also, could it be that the ME is sticking the 'gunshot last' for this reason? that the DA WANTS that wound to have been first?
    I think this is a non-issue and the defense is trying to make something of nothing simply because Flores' initial conclusion (gunshot first) was different from the ME's ultimate conclusion (stab first). When this issue was raised by the defense, they tried to spin it as a reason to dismiss the death penalty qualification but the judge ruled that there's sufficient evidence of the cruelty qualifier irrespective of which came first.

    I'm' a gunshot first theorist also, but I do not think it matters and neither does the judge so the defense will get nowhere on this rabbit trail.

  10. #25
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    Quote Originally Posted by Laceybug View Post
    I have a couple of questions...

    IF the prosecution receives new evidence in this case.. can he (if the judge allows it) come off of the rest and continue?

    I see where they are listening to something in the judges chambers. Would it be just the attorneys and judge present listening or would Jodi be allowed in there to listen to it as well?

    I hope I get this answer before court resumes. Thanks in advance!!
    So sorry I took so long to answer your question.

    If the prosecution receives new evidence that it still wants to admit, it can do so in its rebuttal case at this point. The state has rested so I do not believe their case in chief can be reopened without having a mistrial and starting over. That said, if there's something new they want to present, I'm very confident they would be able to find a way to work it in on rebuttal.

    If that were to happen -- and I do not believe this is what was happening yesterday -- depending on what the evidence is, it might cause a delay in the trial to give the defense an opportunity to explore, examine, test whatever the new evidence is.

    If they are listening to something in chambers, Jodi has a right to be there. In fact, the court really can't do anything without Jodi being present unless she has signed a waiver of her right to be present.


  11. #26
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    Quote Originally Posted by chakti View Post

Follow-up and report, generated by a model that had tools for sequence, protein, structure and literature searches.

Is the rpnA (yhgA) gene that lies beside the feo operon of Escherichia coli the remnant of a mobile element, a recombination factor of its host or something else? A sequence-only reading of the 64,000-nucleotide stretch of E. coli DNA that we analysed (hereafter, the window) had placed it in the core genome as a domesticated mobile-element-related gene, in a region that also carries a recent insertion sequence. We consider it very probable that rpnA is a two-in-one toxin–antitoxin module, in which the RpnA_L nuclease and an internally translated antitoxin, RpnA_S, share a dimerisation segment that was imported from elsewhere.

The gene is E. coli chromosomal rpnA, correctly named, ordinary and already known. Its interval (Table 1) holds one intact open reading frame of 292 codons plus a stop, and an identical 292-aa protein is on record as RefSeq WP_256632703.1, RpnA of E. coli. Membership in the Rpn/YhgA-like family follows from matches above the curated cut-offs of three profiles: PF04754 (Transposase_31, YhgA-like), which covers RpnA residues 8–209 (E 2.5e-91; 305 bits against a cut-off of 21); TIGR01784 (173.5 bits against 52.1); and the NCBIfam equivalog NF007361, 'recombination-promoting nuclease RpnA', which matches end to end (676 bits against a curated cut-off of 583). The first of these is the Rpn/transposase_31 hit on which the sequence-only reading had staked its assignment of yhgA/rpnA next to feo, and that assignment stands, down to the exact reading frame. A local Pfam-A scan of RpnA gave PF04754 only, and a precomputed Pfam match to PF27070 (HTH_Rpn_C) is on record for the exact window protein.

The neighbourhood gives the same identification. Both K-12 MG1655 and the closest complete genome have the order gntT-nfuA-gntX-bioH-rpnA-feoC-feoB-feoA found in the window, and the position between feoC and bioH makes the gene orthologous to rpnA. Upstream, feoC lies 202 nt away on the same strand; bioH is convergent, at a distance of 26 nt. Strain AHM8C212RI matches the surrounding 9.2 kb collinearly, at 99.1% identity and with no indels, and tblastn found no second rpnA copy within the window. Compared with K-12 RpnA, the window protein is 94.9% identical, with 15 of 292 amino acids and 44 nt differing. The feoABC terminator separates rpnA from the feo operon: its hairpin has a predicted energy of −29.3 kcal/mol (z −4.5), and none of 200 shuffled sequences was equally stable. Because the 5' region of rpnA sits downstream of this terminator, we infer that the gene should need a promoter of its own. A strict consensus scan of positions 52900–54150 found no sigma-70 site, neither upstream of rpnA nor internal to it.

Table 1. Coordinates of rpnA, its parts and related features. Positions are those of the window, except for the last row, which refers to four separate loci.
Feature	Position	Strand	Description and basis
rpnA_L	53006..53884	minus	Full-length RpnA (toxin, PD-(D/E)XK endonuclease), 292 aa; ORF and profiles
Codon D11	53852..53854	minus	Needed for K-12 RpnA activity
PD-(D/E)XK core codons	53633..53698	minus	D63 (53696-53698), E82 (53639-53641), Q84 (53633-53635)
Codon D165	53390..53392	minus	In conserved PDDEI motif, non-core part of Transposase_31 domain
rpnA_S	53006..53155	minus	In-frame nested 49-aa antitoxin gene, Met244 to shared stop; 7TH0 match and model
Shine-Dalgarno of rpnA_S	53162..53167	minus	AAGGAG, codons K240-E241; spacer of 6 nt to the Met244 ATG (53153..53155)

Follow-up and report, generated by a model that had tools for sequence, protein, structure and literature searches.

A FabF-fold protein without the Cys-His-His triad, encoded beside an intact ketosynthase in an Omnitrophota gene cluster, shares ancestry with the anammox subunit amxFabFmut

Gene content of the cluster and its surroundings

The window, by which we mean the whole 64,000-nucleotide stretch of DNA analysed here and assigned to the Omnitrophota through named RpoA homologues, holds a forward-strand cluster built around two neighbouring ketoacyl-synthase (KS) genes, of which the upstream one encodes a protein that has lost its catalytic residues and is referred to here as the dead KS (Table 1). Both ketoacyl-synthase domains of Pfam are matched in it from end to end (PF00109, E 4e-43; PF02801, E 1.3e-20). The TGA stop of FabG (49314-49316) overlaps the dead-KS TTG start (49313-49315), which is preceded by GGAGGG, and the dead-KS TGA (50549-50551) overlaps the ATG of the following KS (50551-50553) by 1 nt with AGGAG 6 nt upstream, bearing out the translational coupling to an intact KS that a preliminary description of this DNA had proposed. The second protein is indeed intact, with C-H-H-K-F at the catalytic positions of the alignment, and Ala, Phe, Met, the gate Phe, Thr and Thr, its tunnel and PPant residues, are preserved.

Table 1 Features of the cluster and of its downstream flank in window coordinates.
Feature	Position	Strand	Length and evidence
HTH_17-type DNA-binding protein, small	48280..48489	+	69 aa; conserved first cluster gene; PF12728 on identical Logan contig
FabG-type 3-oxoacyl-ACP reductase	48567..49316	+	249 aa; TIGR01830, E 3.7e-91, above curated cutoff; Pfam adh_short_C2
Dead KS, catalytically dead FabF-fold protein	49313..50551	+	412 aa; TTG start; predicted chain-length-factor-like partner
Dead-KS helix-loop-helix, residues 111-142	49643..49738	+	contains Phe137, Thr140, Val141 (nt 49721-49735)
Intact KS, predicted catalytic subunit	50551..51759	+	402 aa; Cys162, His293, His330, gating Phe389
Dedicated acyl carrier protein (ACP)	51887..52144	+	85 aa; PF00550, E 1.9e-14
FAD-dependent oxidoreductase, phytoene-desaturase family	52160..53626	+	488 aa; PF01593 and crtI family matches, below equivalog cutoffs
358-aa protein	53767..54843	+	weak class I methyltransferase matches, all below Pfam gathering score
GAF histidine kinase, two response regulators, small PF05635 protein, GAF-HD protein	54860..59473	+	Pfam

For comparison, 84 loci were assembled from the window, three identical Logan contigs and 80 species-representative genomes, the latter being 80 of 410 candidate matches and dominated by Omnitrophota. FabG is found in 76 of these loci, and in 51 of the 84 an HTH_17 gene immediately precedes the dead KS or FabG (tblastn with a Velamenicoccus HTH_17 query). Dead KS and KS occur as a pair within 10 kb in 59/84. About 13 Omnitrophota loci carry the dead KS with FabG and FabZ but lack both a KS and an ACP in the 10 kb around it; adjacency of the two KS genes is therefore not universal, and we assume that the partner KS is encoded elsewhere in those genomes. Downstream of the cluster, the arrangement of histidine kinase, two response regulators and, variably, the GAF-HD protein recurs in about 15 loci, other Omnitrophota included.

DT claims there is a phone sex call recorded by Jodi of Travis and her having phone sex where he says she climaxies like a 12 year old girl.

    How the heck could they get that in ?

    I'm curious about the phone call too.

    Can the defense play the (alleged) phone sex recording if JA doesn't testify? How would they do this and who would introduce this -- would the computer forensic expert be able to do this?

    Would they have to authenticate both voices as being JA's and TA's? Wouldn't JA have to give context if the defense is alleging that she's "faking an orgasm" and he's using her as a sex object as opposed to them having consensual phone sex?

    It seems Juan will fight to keep it would as it's irrelevant but if it does get admitted he would insist JA would need to 'present' it.

    TIA if you're able to answer!
    "I swore never to be silent whenever and wherever human beings endure suffering and humiliation. We must take sides. Neutrality helps the oppressor, never the victim. Silence encourages the tormentor, never the tormented." - Elie Wiesel

  12. #27
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    Quote Originally Posted by LotusPawprint View Post
    I'm curious about the phone call too.

    Can the defense play the (alleged) phone sex recording if JA doesn't testify? How would they do this and who would introduce this -- would the computer forensic expert be able to do this?

    Would they have to authenticate both voices as being JA's and TA's? Wouldn't JA have to give context if the defense is alleging that she's "faking an orgasm" and he's using her as a sex object as opposed to them having consensual phone sex?

    It seems Juan will fight to keep it would as it's irrelevant but if it does get admitted he would insist JA would need to 'present' it.

    TIA if you're able to answer!
    I do not think there's even chance of this being admitted without Jodi taking the stand. Only Jodi would be able to authenticate the voices on the tape and describe the circumstances under which it was recorded. I do not think a forensic expert could authenticate this, even if it was something saved on a hard drive he examined and extracted it from.

    Much like the dubious photos the defense was trying to get admitted through the computer guy -- all he can say is he found these photos on a hard drive, but he cannot give any information about who took the pics, what the subject of the pic is, whether it's an accurate representation of what was being photographed etc.

    Contrast that with the way the state introduced the naked photos of Travis and Jodi -- they had an expert testify to the device that took the pictures, the subjects were identified, the location was identified as looking like it did when crime scene investigators were in Travis' room, etc. You had all the necessary foundation come in from that witness.